Globalization and Higher Education:
Implications for North-South DialogueParis – The impact of globalization on the development of higher education in the developing countries will be the main subject of debate at the follow-up meeting of UNESCO’s Global Forum on International Quality Assurance, Accreditation and the Recognition of Qualifications in Higher Education, which will be held in Oslo (Norway) on May 26-27*.
Guest speakers at the meeting will include Kristin Clemet, Norway’s Minister of Education and Research, Lida Brito, the Minister of Higher Education in Mozambique, Pius Yasebasi Ng’Wandu, the Minister of Science, Technology and Higher Education in Tanzania, Mireille Cossy, Counsellor, World Trade Organization (WTO), Francis Steier, a Senior Education Economist from the World Bank and John Daniel, UNESCO’s Assistant Director-General for Education.
With the forum participants, they will focus on how to make quality higher education more accessible, especially in the countries of the South, the rise of private education providers in this domain, what makes for a responsible partnership between higher education authorities and business, and the role of information and communication technology (ICT), notably the development of virtual universities.
The meeting will also provide the occasion for the launch of a new web-based publication: “The Virtual University: Models and Messages Learned from Case Studies” (http://www.unesco.org/iiep/). This report, by UNESCO’s Paris-based International Institute for Educational Planning (IIEP) presents an overview of the different types of on-line institutions, how they operate, who they serve and the different issues policy-makers and education authorities must grapple with when developing virtual education services.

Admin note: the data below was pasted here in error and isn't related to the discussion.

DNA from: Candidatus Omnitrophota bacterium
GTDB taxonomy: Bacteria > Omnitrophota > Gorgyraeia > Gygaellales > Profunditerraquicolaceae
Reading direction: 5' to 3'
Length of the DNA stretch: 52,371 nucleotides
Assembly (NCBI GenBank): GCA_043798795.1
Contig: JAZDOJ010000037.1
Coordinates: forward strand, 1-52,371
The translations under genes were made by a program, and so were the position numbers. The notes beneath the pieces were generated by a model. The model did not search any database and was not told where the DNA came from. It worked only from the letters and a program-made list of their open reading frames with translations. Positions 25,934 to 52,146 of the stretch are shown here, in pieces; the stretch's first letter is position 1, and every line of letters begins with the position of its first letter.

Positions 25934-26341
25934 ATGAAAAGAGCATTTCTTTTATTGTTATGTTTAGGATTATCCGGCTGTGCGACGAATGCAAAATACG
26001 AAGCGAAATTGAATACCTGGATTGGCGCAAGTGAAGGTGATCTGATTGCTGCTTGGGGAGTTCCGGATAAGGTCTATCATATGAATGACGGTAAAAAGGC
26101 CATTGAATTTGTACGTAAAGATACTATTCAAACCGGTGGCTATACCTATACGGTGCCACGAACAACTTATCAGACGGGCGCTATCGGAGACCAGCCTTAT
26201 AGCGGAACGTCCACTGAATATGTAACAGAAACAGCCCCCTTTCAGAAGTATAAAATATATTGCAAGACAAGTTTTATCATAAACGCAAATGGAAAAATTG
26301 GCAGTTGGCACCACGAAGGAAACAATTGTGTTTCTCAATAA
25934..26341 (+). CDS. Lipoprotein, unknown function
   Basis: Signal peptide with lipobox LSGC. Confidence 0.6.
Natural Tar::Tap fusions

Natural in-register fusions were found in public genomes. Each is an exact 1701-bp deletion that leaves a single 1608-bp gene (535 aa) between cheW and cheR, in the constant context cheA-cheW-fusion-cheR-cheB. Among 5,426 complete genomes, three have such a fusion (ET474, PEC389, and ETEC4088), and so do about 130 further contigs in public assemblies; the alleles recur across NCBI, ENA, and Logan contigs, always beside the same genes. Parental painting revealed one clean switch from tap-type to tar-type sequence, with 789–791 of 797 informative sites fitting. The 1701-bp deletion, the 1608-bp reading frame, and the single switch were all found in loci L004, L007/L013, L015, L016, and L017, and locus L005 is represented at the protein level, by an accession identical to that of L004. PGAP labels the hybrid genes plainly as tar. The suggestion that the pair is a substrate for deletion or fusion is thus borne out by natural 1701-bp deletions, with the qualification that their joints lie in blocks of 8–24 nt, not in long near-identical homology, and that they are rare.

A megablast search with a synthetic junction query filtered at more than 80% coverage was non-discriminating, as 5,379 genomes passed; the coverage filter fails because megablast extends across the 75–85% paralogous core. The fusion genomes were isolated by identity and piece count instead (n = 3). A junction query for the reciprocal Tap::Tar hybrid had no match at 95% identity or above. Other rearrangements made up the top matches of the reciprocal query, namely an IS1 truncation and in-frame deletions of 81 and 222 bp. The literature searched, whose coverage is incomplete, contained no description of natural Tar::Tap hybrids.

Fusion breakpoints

Aimed mainly at policy-makers and planners, the report stresses that while “both developed and developing countries could benefit from these new methods of education delivery […] countries or specific groups within countries could become even further disadvantaged” by the lack of ICT infrastructure.
The forum will also present a number of regional case studies, entitled: Trade in Higher Education Services in Sub-Saharan Africa; Quality Assurance as a Mechanism to Empower Academics in Developing Countries: the Case of Iran; and GATS and Higher Education: What is at Stake in India?
The forum, made up of higher education experts, policy makers, student bodies
and NGOs, was created last year as a complement to the General Agreement on Trade and Services, which in 1995 recognized education as a tradeable commodity. It’s task is to establish an international quality assurance framework and a code of good practice for providers of higher education, whose numbers and range of services are rapidly expanding.
*For more details, including the conference programme and the complete list of participants, consult the following websites: (http://www.ldv.no/unesco/ or (http://www.unesco.org/education/studyingabroad/index.shtml